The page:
by Leslie Ishii
Ishii (center) in rehearsal with actors David Huynh and Julia Cho

As the director of Artists at Play’s production of 99 Histories by Julia Cho, I went to work and researched down many-a rabbit holes that opened my imagination to create the richly detailed world of this play.  An American diagnosis of Schizophrenia as Korean Shamanism, a Korean Shaman dance, musical child prodigies, long-term caregiving, a household coping with being left father-less, husband-less, racial tensions and violence against Korean Americans, the Korean war, missionaries in Korea and Korean American Christianity, unplanned pregnancy, family secrets, memory, and immigrant mother-daughter estrangement, are the very real story elements woven into this complex play about what it has meant to become American.
Helen Zee writes in her book, “Asian American Dreams: The Emergence of an American People”: 
Missing from the tons of newsprint and miles of videotape were…the tales of valiant women and men of Asian ancestry who struggled and sacrificed to make contributions to their country, the United States of America, and who wished to be seen as full Americans.  I’ve been struck time and again by how little is really known about us and the America we are part of; how the rich textures of who we are, why we are here, and what we bring to America remains so absent from the picture.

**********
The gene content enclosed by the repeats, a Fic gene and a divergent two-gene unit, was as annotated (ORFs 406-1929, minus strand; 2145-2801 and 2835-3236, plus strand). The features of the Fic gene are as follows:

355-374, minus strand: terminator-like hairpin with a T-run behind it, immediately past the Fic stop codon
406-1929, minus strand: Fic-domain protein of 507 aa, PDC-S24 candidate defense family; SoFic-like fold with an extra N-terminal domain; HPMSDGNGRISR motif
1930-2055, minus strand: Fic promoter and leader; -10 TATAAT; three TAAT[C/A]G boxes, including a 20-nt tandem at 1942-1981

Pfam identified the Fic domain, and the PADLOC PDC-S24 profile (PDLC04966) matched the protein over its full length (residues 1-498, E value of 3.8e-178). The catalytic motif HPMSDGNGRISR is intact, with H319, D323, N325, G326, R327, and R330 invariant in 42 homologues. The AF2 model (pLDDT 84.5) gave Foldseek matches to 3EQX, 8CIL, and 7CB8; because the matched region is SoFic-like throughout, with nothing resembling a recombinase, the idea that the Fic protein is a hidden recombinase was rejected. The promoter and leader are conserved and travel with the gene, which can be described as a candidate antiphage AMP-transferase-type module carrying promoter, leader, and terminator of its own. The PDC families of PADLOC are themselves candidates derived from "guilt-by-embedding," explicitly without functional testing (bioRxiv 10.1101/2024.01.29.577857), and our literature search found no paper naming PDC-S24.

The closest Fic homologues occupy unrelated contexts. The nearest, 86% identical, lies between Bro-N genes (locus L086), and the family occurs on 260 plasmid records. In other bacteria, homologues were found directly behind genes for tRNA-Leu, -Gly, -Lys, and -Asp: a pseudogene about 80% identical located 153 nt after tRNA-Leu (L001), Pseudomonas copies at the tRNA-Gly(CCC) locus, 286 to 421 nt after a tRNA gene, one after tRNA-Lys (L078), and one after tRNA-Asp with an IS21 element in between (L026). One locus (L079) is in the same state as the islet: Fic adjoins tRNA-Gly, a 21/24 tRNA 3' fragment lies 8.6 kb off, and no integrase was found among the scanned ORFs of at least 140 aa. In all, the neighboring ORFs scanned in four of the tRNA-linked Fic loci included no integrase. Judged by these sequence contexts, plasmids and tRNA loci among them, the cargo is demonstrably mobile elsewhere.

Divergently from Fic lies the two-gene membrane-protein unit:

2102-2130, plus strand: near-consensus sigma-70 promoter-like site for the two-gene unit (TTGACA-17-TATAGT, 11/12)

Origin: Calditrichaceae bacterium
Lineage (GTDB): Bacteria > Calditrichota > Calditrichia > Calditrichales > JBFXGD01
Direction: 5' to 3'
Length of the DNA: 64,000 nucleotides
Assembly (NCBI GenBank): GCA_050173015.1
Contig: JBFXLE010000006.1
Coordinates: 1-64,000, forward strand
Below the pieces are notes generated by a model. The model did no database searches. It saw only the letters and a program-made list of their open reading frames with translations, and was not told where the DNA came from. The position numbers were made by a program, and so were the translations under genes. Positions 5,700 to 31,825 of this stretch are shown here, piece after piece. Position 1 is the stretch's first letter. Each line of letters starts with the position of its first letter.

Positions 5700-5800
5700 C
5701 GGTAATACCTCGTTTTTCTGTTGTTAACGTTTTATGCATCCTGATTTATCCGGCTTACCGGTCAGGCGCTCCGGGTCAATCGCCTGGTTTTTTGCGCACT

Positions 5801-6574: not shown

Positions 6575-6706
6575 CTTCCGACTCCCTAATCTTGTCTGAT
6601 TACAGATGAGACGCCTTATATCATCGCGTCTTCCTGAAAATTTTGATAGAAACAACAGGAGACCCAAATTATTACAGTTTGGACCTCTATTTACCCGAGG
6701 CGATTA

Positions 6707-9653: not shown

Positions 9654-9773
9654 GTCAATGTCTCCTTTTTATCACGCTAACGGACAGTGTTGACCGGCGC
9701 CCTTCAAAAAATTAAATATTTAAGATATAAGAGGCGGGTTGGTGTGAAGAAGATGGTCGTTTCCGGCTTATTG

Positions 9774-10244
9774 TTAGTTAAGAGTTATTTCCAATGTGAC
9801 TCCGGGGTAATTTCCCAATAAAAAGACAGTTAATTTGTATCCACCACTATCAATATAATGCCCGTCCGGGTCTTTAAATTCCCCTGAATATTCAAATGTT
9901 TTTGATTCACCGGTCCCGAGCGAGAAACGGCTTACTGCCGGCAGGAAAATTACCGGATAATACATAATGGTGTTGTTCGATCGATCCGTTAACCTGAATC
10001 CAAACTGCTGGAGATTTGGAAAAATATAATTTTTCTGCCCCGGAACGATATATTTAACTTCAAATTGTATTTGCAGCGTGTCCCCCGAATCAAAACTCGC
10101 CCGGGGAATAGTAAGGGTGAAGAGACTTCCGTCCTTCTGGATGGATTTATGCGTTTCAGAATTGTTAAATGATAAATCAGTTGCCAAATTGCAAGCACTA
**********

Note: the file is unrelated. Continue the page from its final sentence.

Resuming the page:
But a community as large, diverse, and dynamic as the Asian American and Pacific Islander peoples cannot stay on the edge of obscurity, frustrated by images that have rendered us invisible and voiceless….
And our play, as Helen Zee puts it, “…reflects conversations and stories that Asian Americans tell one another, about the challenges we’ve met, the people we’ve encountered, and the lessons we’ve drawn.  It’s about…evolving into an American people. 
Does mainstream America really know the details of becoming an American if you are of Asian descent or a person of color?  Does mainstream America really know what has made us Asian Americans who we are? 
I have had the distinct honor and pleasure of witnessing our cast and crew open to become vulnerable and empowered during the rehearsals and running of this play.  In our Hope Chest, for you, our audience, we have left you the telling of this story infused with all our hearts and souls that you might experience chung, love, healing, and the possibility of reclaiming yourself to come out the other side more whole and at peace with who you are in America.
I am so moved and grateful that Artist at Play stands by their mission to find and bring forth Asian American plays that have been given initial interest, then gone disappeared or fallen into obscurity.  99 Histories was produced 10 years ago at Mu Performing Arts in Minnesota, but has never been produced in Los Angeles where this play is set.  It is a true homecoming for this play.  It is our last week and I am so proud of these artists, our collaboration, and our histories!  Enjoy the show!!

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